From the Collegium: Youth and young adults literally change the world...and the church!
Written by Cally Rogers-Witte
October - November 2008

NYE inspires our hopes

In 1806, students at Williams College, inspired by the Holy Spirit, pledged to share the good news of Jesus overseas. By 1810 they had convinced the association of Congregational Churches, meeting in Bradford, Mass., to create the American Board of Commissioners for Foreign Missions which, in 1812, sent out the first six young adults from this country. What an amazing youth movement they started!  The ABCFM still exists, now called Wider Church Ministries (WCM), with more than 200 partners in 80 countries, working together with the Christian Church (Disciples of Christ) through Global Ministries to offer critical presence at the point of deepest need.

Two hundred years later, UCC youth and young adults are still inspired to spread the love of God to our broken world.  At the opening worship of our National Youth Event (NYE), the decibel level was extreme as we sang, clapped, yelled and stamped our feet to the beat of some amazing young musicians. Moments later, participants listened in rapt silence as young adult Krista Johnson, a Global Mission Intern for Global Ministries recently back from Jerusalem, described the daily life of her Israeli and Palestinian neighbors and co-workers in that deeply troubled part of God's "so loved world." This fall Krista begins a graduate program in conflict resolution to further equip her to be part of Christ's ministry of reconciliation.

One thousand youth signed up for the most popular forum at NYE. Manyang Mangar, one of the "Lost Boys of Sudan," told his compelling childhood story of wandering through the harsh wilderness of southern Sudan to escape the violence of civil war 20 years ago before ending up in a refugee camp with thousands of other children and youth.  Eventually he was resettled in the U.S. by First Congregational UCC in Madison, Conn. At NYE, Manyang joined other young people painting "tents of hope," calling attention to the plight of victims in Darfur in western Sudan.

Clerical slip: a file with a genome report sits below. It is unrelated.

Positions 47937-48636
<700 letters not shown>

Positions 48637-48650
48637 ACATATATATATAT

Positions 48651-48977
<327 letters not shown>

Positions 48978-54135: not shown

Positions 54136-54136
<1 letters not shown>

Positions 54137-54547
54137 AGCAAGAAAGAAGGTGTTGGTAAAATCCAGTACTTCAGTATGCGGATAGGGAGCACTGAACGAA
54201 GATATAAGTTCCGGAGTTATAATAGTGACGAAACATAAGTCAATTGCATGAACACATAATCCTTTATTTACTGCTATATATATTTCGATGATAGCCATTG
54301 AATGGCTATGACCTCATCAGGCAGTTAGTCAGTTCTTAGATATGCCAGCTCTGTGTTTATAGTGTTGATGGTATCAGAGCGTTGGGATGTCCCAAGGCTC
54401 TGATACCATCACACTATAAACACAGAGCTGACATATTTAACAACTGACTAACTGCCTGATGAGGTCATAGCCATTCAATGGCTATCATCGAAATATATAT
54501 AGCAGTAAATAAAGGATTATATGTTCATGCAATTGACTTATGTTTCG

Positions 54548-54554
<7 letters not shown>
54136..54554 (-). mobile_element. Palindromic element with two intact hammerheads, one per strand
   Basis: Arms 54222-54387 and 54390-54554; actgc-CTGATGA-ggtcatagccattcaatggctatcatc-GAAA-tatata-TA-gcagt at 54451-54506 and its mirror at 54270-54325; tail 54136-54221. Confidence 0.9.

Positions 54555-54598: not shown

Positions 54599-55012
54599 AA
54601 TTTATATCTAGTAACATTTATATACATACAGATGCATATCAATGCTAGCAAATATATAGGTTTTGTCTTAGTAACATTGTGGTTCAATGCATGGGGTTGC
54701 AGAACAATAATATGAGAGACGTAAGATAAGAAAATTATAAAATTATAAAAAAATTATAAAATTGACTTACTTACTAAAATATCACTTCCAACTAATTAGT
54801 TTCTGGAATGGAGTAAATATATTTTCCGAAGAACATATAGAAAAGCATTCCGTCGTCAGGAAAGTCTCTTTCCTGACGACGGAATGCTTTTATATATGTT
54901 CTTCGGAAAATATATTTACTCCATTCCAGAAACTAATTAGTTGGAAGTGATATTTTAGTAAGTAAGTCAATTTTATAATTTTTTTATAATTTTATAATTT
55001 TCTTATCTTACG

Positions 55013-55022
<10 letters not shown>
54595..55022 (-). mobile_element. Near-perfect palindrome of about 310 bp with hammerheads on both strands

Music and dance permeated NYE, with dozens of youth leading liturgical dance and drumming for justice. One was Silimanothan Halsana, a trained classical Laotian dancer and talented musician whom WCM sponsored to come to the U.S. this summer. As a child, Sili was in the first center for at-risk children sponsored by Global Ministries in Laos and now directs music, theater, and dance in several of these children's centers while enrolled in the first university program for social workers in that country which Global Ministries' staff in Laos was instrumental in founding.

Yes, young people can change the world. Keynote speaker Julia Butterfly Hill lived 180 feet up in a giant redwood tree for two years, claiming the power of one person to positively impact the environment. In his 20s Eboo Patell started an interfaith organization which brings young Christians, Jews, and Muslims together for service projects and mutual understanding.

NYE reignited my own hopes for the future. I have no doubt that our world and our beloved church will be changed for the better by the wonderful young people of NYE 2008.

The Rev. Cally Rogers-Witte is executive minister for Wider Church Ministries and co-executive of Global Ministries. She is also a member of the UCC's five person Collegium of Officers. 

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